Are you one of many people with a fast metabolism?
Do you feel slowed down in your bodybuilding progress because you can’t seem to “gain weight”?
Relax and quit worrying about it; chances are… you’ve been mislead. Let me explain.
Did you notice I put the words ‘gain weight’ in quotation marks when I asked the second question above? I did that for good reason. It’s because gaining weight (as in any kind of weight) is not really in your best interest. You need to see the clear distinction between gaining weight and building muscle. Yes, significant muscle gains do add weight to the body. But that doesn’t mean you should adopt the relatively ambiguous notion that you need to simply “gain weight” so you’ll no longer be skinny. Gaining body fat will give you a mostly unusable, unhealthy, and visually unappealing form of body weight.
But you wouldn’t think this difference really mattered to writers of most bodybuilding articles. They just keep pumping out the same simplistic advice. It usually reads something like this:
Stuff down as many calories as you can during each of six meals per day.
Use a lot of big compound exercises because that’ll make you BIG.
Don’t train for over forty minutes because it’ll cause your testosterone to drop.
Try to move as little as possible so you can soak up those precious calories.
Sleep at least a third of your life away so you can “gain weight”.
With this kind of crap being dispensed as natural bodybuilding wisdom, it’s no wonder there are countless trainees getting dismal results.
Is there truth within at least a couple of these example bullet points? Yes; but it’s so tempered with caveats that it’s barely worth mentioning in these type of general terms. For example: It’s a good idea to eat a bodybuilding meal every three hours. But stuffing down too much food can be counterproductive even for skinny people. If your body expends too much energy digesting and processing excess calories, it won’t have as much energy left for constructing muscle tissue.
Does testosterone really drop after forty minutes to an hour of weight training? Uh… well… maybe – but who cares? This concern makes me want to laugh. My common sense says it’s the average testosterone level my body maintains during recuperation between workouts that helps determine my bodybuilding gains. Who cares if it temporarily drops during training? It bounces right back up. My muscles aren’t growing during a workout.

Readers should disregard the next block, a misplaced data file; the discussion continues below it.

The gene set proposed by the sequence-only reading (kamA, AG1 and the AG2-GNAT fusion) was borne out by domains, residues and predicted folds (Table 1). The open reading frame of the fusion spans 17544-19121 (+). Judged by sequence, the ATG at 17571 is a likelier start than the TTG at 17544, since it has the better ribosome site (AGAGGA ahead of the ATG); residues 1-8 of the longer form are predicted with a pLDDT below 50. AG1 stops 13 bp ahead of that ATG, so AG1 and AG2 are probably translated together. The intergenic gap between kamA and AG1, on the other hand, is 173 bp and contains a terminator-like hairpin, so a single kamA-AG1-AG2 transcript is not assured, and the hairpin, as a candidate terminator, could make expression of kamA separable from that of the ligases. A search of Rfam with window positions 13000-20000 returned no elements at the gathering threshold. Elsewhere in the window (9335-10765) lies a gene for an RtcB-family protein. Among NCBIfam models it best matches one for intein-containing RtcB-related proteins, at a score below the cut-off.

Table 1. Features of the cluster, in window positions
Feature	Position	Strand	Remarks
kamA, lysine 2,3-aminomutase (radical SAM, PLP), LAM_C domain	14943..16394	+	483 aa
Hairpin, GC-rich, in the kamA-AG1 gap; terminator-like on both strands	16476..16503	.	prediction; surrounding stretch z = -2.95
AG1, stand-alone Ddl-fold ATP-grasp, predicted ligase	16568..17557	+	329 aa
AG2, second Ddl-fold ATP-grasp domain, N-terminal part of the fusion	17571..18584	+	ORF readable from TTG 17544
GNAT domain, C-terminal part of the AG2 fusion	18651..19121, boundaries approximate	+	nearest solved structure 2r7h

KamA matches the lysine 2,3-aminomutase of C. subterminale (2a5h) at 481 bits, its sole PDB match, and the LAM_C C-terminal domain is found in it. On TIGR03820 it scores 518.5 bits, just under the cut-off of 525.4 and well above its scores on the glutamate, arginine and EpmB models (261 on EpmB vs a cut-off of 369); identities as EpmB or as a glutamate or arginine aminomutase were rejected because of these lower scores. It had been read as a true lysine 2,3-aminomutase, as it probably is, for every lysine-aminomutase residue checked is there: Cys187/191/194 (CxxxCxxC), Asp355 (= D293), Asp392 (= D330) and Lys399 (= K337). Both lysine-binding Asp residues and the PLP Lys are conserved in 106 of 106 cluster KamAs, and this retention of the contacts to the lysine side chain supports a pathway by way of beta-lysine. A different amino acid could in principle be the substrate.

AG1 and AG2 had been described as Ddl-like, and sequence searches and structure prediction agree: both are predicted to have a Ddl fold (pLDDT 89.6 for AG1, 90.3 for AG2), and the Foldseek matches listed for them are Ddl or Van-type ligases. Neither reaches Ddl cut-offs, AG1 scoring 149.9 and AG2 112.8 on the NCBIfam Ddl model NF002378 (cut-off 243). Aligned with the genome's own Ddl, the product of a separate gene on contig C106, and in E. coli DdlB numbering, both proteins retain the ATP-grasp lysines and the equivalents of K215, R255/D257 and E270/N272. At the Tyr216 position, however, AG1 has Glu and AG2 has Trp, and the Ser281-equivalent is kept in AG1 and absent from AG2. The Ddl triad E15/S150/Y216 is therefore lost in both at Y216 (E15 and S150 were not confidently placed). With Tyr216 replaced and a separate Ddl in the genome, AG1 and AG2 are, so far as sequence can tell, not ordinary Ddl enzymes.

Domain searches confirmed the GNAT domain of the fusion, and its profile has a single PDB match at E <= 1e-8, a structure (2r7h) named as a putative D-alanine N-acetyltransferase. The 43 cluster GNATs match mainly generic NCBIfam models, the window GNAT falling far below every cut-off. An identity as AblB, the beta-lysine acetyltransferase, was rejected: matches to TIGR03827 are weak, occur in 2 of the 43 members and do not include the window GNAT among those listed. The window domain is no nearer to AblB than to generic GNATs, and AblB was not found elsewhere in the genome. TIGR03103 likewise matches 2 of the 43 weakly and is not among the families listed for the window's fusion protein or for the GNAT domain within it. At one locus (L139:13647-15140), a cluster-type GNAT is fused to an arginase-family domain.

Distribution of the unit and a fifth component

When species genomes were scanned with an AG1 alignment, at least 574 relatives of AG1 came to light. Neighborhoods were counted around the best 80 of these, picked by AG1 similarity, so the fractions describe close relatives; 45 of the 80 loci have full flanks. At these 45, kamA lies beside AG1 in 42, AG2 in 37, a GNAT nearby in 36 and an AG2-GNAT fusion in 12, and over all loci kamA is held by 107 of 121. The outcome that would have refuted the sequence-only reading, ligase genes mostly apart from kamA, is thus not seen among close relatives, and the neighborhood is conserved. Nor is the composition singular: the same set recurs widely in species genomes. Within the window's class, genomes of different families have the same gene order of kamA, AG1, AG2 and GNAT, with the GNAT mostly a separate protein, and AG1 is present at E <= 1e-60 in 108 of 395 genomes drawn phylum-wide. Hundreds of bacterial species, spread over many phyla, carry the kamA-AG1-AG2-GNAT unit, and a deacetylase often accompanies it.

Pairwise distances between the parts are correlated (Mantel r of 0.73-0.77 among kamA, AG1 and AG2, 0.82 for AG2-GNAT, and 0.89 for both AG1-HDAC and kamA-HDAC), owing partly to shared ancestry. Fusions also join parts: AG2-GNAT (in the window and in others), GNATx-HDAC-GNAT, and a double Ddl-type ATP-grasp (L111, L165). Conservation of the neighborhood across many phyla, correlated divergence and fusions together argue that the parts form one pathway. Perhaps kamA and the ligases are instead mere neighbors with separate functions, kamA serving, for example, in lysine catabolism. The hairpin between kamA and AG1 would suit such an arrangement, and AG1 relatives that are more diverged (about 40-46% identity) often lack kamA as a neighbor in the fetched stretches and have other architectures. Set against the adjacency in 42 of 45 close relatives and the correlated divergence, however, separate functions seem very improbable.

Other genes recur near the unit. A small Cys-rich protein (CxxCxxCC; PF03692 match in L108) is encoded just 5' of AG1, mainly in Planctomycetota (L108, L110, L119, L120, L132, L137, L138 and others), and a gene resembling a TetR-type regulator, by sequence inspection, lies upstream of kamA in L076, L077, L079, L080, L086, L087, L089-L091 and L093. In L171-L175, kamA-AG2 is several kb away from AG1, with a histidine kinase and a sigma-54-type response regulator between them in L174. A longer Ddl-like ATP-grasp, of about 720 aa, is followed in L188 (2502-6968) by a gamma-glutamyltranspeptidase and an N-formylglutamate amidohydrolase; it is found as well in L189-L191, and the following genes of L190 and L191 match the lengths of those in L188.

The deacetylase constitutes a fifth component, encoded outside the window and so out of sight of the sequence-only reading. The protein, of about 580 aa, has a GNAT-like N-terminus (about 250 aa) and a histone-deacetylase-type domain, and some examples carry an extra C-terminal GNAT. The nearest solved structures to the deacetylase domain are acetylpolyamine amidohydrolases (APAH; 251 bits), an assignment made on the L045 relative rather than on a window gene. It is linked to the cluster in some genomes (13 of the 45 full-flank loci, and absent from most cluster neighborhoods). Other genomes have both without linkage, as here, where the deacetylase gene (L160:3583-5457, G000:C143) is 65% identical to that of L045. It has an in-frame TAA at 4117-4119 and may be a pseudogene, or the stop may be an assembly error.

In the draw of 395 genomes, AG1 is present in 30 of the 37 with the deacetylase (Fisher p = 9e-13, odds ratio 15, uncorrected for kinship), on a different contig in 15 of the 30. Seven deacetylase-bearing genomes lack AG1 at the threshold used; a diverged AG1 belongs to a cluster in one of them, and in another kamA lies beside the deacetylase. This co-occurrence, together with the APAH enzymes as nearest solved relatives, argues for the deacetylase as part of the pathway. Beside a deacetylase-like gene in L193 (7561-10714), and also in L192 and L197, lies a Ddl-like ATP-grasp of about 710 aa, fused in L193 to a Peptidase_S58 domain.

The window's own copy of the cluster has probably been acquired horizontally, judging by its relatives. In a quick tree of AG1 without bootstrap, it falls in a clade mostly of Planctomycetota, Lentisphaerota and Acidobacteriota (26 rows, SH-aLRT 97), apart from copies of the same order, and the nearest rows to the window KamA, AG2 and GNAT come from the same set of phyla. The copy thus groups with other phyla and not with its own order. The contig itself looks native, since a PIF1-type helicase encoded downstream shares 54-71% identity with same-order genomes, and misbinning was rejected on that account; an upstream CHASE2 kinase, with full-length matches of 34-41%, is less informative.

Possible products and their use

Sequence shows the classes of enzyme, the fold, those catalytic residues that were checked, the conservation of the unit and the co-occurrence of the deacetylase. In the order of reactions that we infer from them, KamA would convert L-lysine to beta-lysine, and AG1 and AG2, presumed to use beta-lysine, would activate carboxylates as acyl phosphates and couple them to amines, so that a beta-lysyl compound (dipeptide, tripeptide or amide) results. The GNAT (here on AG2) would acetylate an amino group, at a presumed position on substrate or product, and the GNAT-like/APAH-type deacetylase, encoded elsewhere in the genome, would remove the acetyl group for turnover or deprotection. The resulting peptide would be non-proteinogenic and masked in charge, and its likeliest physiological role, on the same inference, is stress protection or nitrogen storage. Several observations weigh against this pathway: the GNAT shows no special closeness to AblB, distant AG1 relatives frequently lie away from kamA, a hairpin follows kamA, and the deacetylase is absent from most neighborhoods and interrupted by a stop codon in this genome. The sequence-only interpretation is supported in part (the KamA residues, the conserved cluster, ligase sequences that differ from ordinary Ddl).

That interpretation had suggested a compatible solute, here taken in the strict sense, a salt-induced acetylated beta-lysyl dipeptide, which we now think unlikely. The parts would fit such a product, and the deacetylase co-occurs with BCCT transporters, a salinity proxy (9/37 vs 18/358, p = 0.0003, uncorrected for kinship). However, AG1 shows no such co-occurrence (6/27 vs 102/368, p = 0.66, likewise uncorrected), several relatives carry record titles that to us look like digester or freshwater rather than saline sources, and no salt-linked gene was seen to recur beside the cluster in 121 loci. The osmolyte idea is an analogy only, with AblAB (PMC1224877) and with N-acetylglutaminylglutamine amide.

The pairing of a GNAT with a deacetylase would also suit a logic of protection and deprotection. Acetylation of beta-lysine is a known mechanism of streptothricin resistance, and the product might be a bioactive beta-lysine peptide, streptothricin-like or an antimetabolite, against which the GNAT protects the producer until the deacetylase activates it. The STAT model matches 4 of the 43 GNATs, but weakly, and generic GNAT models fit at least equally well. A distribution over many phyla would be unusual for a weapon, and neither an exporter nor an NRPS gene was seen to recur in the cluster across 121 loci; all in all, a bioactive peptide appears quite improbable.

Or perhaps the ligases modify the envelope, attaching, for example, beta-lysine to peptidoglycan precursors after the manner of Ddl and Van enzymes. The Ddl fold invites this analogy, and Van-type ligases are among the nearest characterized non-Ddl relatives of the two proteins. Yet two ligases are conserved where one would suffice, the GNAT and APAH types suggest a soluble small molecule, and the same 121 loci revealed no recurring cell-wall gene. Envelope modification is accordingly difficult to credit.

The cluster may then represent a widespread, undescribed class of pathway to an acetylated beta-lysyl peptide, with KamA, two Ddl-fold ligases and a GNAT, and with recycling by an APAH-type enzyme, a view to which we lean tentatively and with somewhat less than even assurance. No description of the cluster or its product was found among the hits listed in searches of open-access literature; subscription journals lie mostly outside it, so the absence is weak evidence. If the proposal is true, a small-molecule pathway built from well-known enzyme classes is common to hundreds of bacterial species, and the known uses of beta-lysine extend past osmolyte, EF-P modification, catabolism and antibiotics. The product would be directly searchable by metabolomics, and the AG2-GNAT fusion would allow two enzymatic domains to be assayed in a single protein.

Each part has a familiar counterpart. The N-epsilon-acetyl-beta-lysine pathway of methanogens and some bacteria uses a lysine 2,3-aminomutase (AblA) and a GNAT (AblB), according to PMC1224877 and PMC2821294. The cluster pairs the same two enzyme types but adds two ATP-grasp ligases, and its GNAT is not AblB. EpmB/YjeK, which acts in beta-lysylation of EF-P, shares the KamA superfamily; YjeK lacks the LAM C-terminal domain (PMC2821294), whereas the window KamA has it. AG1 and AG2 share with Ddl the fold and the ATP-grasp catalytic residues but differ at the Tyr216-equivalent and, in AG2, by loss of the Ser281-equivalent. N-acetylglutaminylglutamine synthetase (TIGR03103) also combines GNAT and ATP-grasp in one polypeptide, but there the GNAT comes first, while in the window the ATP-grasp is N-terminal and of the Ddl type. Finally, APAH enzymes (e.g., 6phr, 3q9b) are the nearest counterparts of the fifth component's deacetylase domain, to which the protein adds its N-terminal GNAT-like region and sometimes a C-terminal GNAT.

And if someone tells me there’s a two hour “window of opportunity” immediately following a workout in which muscles get a jump on recuperation, I’ll tell them to throw unsubstantiated claims out the window. Eat a lot of carbs and protein soon after a workout because… well, you’ll probably be hungry. However, if you eat them ninety minutes after you’ve finished instead of twenty minutes after, don’t worry – you won’t dry up and blow away in the wind.
Do compound exercises build muscle better than isolation exercises? Well, if ‘Joe Compound’ is doing squats followed by lousy attention to his muscle breakdown/recuperation ratio and ‘Bill Isolation’ does leg extensions followed by diligent attention to his, I’ll bet on Bill having better thigh development in the near future. What really matters for long-term muscle growth is breaking down muscle tissue with just the right amount of training and then letting it recuperate with just the right amount of time before training it again. So sadly, you could bust your balls doing squats, dead-lifts, bench presses, and military presses and still fall short of “gaining weight”. In fact, these exercises take more of a toll on your body which calls for more recuperation time between workouts. Unless your “weight gain” guru tells you this, you could be disappointed.
Here’s the #1 Key to Natural Bodybuilding Gains
The biggest key to building natural muscle (and thus – “gaining weight”) is to adequately break down the muscle tissue and then sufficiently recuperate that tissue before breaking it down again. In fact, when you do this repeatedly for respectable stretches of time, you develop a muscular physique. If you fail to do this successfully for any stretch of time, you waste time, effort, and a good chunk of emotional investment.
So where does stuffing down tons of food fall into the equation – especially if you have a “fast metabolism”? It doesn’t. Yes… you might need to increase your calorie intake somewhat above your pre-bodybuilding levels. But stuffing down a lot more calories than your body needs is nothing more than that unwelcome recipe for gaining fat. Take it from a guy who’s been both skinny and tubby; you’re better off being slender.
If you consider yourself a “hard gainer” and you personally attribute it to your inability to gain weight no matter how much you eat, remember this: There are thousands of people training in gyms who gain fat easily – yet they’re having as much trouble gaining muscle as you. This should tell you something. A haphazard training strategy cannot be compensated for by a gluttonous eating approach. If your “how to gain weight” expert has advocated the latter, it’s time for you to put your trust in a better expert.
When you learn to make your muscle breakdown/recuperation ratio and schedule the pivotal factor in your muscle building strategy, you’ll gain muscle mass and the kind of weight you want: solid weight. And this can happen steadily – even if you’ve been blessed with a fast metabolism and (like most everyone) you consider yourself a hard gainer.